In recent years, more people have been looking at the way they eat and the environmental impact and making choices to improve both their health and the way we treat the planet. While the number of vegetarians has been growing for many years, there has recently been an increase in people choosing to be vegan.
The Vegan Society states that in 2019, there were roughly 600,000 vegans in the UK, a rise from 150,000 in 2015. Regardless of the reasons behind a person’s decision to become vegan, there is no doubt that restaurants need to start catering for the increased demand.
However, there are certain requirements needed that can cause issues for some restaurants. This has meant that while many businesses want to cater for vegans by adding items to their menu, the logistics have proved difficult to overcome.
Here are some of the ways that restaurants can look to move more towards adding vegan dishes to their menu, and what other dietary requirements can also be catered for.
Vegetarianism Versus Veganism
The number of people turning toward a vegetarian lifestyle has increased steadily for many years. Some choose to become vegetarian because they want a healthier lifestyle without meat, while others are also opposed to the confinement and slaughter of animals.
However, veganism is a stricter version of vegetarianism has been gaining more interest from people including celebrities and other high-profile people.
While you may have been preparing vegetarian options in your restaurant for a while, there are differences between the food you can prepare for vegetarians and those for vegans.
- Vegetarians - There are various forms of vegetarians, though, in the main part, they do not eat any meat, fish, poultry, game or shellfish. They may also avoid some by-products of animal slaughter.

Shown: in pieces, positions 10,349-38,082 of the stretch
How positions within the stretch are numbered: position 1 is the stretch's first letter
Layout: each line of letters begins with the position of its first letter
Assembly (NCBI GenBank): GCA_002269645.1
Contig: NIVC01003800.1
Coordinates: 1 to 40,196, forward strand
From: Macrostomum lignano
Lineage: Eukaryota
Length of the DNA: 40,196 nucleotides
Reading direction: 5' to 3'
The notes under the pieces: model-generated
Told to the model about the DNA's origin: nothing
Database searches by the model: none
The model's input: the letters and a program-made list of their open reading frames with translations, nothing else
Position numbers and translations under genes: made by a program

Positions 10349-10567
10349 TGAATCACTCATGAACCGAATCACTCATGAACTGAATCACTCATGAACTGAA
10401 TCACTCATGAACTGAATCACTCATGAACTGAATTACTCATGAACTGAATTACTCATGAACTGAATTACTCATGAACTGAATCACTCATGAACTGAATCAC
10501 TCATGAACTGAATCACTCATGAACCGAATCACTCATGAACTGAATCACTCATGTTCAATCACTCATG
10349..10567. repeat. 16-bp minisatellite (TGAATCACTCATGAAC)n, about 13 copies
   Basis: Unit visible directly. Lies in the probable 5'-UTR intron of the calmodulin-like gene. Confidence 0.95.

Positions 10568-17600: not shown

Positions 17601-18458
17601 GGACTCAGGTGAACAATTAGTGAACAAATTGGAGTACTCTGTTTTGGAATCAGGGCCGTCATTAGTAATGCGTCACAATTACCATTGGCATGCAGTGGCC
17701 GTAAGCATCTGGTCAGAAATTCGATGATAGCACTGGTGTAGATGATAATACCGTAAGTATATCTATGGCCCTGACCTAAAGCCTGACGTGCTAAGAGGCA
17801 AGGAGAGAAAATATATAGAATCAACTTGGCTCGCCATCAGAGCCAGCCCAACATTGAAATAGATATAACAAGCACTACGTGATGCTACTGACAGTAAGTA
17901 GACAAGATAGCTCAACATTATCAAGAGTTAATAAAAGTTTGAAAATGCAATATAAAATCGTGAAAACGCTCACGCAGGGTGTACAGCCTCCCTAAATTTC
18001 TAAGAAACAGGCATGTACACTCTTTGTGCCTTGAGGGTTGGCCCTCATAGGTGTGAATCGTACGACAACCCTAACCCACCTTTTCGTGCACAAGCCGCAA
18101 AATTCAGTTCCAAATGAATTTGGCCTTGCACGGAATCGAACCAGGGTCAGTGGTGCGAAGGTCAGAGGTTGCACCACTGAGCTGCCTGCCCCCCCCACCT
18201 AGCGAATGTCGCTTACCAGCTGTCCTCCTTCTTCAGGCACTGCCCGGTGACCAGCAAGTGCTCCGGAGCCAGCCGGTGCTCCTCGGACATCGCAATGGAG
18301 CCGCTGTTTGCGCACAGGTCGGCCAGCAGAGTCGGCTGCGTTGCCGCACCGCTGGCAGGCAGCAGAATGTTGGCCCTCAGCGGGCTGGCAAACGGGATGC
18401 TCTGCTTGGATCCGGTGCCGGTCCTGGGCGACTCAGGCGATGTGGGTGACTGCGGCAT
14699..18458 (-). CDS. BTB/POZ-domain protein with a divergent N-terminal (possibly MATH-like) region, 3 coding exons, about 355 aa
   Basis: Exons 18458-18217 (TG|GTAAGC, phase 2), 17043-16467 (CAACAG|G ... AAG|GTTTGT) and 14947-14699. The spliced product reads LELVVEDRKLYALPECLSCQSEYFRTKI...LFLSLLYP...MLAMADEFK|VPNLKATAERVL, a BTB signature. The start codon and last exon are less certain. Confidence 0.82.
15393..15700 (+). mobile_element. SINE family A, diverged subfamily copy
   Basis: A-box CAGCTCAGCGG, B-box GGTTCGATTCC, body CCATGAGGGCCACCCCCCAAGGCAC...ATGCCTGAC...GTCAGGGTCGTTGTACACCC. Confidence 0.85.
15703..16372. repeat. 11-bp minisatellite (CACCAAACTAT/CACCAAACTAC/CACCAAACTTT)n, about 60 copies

Other forms of vegetarianism may also exclude eggs, milk, or other animal products.
- Vegans - Vegans have a more stringent diet when it comes to animal products, and this can be the reason some restaurants struggle to cater for a vegan diet. Vegans omit the same foods as vegetarians but also avoid any products that have come from animals. This includes gelatin, honey, carmine, pepsin, shellac, albumin, whey, casein and some forms of vitamin D3.
If you are running a restaurant that also serves meat or products coming from animals, then you need to ensure that all of the food preparations for vegan meals are kept separate to avoid contamination.
For those who are already running a restaurant and who cater to those who eat meat, there is a difficult choice to make. The vegan community is growing in the UK, and this means there is an opportunity for businesses to tap into this area of the market and provide much needed vegan dishes.
Some of the dilemmas that existing businesses face include:
- Ensuring that all of the ingredients in their vegan meals are non-animal based.
- Finding the space in the kitchen to accommodate a separate food preparation area.
- Deciding if there is enough spare capacity in the kitchen to deal with the additional work.